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Civil-Comp Proceedings
ISSN 1759-3433
CCP: 90
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Paper 17

Speeding up a Lattice Boltzmann Kernel on nVIDIA GPUs

J. Habich, T. Zeiser, G. Hager and G. Wellein

Regional Computing Center, Erlangen, Germany

Full Bibliographic Reference for this paper
J. Habich, T. Zeiser, G. Hager, G. Wellein, "Speeding up a Lattice Boltzmann Kernel on nVIDIA GPUs", in , (Editors), "Proceedings of the First International Conference on Parallel, Distributed and Grid Computing for Engineering", Civil-Comp Press, Stirlingshire, UK, Paper 17, 2009. doi:10.4203/ccp.90.17
Keywords: computational fluid dynamics, graphics processing unit, lattice Boltzmann, high-performance computing, STREAM benchmarks, CUDA.

We have implemented a D3Q19 stencil based lattice Boltzmann (LBM) flow solver on nVIDIA graphics processing units (GPUs) using the compute unified device architecture (CUDA [1]) framework. As compared to general purpose processors GPUs introduce some restrictive constraints to be followed for obtaining optimal performance. The basic programming guidelines we present in this report for our LBM implementation similarly apply to other codes as well.

Data alignment in main memory and aligned access patterns within specific groups of threads are frequent prerequisites for efficient memory access on GPUs. For the LBM we have chosen a combination of data layout and parallelization appproach which easily guarantees aligned data access for the so-called collision part of the algorithm. In the succeeding propagation step the updated values of each LB cell need to be propagated to neighbouring cells, potentially breaking alignment requirements. Hence, the propagation values are passed through on-chip shared memory, are reorderred there and stored back to the device memory according to the alignment boundaries [3].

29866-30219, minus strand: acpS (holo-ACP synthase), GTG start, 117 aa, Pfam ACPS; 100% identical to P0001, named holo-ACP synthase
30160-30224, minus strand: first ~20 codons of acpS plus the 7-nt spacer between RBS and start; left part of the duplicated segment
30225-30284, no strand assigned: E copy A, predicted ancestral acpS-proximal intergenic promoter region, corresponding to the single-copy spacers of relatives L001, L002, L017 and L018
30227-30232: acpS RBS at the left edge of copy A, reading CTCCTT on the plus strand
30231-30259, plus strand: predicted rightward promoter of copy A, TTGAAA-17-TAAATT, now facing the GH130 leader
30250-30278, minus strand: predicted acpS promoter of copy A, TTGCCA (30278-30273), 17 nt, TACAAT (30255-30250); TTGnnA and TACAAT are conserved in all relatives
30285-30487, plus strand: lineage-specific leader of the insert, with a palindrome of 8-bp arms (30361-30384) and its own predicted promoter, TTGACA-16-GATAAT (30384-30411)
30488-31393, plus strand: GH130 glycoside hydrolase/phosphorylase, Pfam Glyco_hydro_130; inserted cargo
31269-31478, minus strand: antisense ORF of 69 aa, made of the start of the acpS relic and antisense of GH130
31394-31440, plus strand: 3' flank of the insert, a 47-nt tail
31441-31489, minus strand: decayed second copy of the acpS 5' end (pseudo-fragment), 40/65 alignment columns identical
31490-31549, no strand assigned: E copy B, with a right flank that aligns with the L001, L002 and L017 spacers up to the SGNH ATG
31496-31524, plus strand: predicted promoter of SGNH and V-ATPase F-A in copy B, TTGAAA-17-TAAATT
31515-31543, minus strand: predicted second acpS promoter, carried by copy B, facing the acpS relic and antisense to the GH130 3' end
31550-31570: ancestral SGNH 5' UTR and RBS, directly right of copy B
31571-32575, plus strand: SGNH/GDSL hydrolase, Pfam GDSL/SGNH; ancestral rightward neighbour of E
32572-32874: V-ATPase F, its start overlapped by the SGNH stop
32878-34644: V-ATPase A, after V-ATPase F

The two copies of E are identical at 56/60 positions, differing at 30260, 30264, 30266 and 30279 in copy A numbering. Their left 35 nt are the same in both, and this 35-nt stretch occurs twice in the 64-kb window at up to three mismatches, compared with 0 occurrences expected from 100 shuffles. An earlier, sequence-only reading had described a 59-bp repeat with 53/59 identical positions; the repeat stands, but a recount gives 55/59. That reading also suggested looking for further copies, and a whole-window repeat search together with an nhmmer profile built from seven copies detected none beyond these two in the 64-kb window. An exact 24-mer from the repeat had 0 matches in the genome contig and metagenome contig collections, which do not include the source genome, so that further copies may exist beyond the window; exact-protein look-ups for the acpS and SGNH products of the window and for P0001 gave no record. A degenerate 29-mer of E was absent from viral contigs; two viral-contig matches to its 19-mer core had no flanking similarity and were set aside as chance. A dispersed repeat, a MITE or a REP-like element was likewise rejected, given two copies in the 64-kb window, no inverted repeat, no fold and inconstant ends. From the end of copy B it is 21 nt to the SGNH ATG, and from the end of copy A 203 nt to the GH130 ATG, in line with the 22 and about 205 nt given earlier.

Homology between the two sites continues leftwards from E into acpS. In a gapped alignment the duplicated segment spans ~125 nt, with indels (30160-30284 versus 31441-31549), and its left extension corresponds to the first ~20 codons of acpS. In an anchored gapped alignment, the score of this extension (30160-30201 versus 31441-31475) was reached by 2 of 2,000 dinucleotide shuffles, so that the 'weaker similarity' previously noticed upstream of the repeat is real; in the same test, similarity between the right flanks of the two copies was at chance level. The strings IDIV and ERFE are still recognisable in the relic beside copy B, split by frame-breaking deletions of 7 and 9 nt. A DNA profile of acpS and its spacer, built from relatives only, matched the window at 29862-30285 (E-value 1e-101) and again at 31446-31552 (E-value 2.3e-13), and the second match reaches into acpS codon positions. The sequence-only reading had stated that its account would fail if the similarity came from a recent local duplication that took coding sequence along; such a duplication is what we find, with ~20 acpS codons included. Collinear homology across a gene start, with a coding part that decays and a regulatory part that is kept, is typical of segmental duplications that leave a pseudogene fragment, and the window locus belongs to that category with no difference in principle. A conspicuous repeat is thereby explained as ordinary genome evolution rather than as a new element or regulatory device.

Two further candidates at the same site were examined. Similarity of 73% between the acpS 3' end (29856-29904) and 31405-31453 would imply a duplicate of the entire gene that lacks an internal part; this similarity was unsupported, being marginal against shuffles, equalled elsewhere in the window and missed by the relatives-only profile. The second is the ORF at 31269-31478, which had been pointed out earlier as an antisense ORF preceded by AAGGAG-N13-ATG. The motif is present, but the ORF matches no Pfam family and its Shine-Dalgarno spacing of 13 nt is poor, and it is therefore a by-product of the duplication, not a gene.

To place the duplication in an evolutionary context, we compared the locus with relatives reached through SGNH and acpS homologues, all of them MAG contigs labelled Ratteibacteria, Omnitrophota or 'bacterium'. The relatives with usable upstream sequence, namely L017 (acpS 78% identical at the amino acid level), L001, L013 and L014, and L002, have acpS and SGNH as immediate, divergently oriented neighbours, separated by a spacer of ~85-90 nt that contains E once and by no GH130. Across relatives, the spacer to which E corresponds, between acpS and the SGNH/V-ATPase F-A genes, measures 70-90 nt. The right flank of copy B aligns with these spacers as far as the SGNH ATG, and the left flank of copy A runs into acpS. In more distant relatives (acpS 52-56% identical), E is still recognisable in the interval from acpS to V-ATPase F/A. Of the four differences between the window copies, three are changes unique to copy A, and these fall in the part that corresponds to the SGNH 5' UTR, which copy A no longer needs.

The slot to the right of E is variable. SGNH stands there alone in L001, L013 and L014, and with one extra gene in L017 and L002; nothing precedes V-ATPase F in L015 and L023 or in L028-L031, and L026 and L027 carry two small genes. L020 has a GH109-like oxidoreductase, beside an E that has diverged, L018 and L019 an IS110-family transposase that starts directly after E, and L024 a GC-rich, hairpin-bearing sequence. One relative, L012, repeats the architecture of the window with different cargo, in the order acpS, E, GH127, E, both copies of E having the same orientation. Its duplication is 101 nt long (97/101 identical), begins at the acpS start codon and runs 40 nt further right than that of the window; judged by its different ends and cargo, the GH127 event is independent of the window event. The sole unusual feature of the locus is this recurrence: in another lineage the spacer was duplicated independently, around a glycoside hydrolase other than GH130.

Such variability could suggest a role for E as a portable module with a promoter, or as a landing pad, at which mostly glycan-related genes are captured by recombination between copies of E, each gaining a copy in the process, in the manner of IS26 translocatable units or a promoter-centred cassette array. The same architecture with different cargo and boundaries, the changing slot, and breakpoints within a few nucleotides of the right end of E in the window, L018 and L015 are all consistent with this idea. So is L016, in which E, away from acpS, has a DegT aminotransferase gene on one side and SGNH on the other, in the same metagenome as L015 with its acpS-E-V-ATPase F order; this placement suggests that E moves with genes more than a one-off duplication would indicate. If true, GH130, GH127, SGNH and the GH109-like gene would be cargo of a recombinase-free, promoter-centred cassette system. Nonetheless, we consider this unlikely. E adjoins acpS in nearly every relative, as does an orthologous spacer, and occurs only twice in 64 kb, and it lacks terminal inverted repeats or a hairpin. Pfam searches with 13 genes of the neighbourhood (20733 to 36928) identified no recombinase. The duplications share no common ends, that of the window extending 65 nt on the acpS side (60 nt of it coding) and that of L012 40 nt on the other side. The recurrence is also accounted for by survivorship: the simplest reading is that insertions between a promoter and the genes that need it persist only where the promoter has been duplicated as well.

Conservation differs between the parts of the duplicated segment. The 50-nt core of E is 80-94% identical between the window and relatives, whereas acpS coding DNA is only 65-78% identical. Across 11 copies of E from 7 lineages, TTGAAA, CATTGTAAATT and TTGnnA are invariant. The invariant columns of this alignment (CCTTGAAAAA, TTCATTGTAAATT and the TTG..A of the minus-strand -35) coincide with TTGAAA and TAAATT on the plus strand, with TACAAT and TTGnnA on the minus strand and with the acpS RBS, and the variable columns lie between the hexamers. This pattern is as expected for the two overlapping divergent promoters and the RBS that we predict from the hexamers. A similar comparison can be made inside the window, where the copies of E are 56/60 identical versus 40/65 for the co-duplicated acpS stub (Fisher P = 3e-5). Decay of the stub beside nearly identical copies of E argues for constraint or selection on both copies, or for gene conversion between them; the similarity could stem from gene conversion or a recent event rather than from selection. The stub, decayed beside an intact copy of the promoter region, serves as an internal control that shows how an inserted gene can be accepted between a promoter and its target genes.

The D3Q19 model leads to increased register usage as compared to lower discretization stencils as used in, e.g. Tölke et al. [3]. The straight forward implementation of the LBM required a total of 70 registers per thread, which severely restricted the level of thread concurrency resulting in an inefficient use of the main memory bandwidth. Changing the standardized access to data arrays to manual index calculations, which store the current index to the same variable consecutively, the register usage of the kernel was reduced by nearly 50%. This showed up in similar performance boost (2x) to a final 200 FluidMLUPS/s (400 FluidMLUPS/s) on the 8800 GTX (GTX 280), being equivalent to approximately 40 GFlop/s (80 GFlop/s) of sustained performance in single precision. These performance numbers are perfectly in line with our simple performance model as measured by the STREAM benchmarks [4].

For GPU clusters the bandwidth of the host-to-device interface, i.e. PCIe, is very important. Interestingly we found that using a manually blocked data transfer routine does improve the host to GPU data transfer considerably from 2.2GB/s (2.2 GB/s) to a maximum of 2.5 GB/s (4.5GB/s) for long messages for PCIe 1.1 (PCIe 2.0). Therefore, the PCIe bus should not limit inter- and intranode communication.

nVIDIA Cuda Toolkit 2.0, December 2008,
G. Wellein, T. Zeiser, G. Hager, S. Donath, "On the single processor performance of simple lattice Boltzmann kernels", Computers & Fluids, 35:910-919, 2006. doi:10.1016/j.compfluid.2005.02.008
J. Tölke, M. Krafczyk, "Towards three-dimensional teraflop CFD computing on a desktop PC using graphics hardware", in "Proceedings of International Conference for Mesoscopic Methods in Engineering and Science ICMMES07", Munich, 2007.
J. McCalpin, "The STREAM Benchmark",, 2008.

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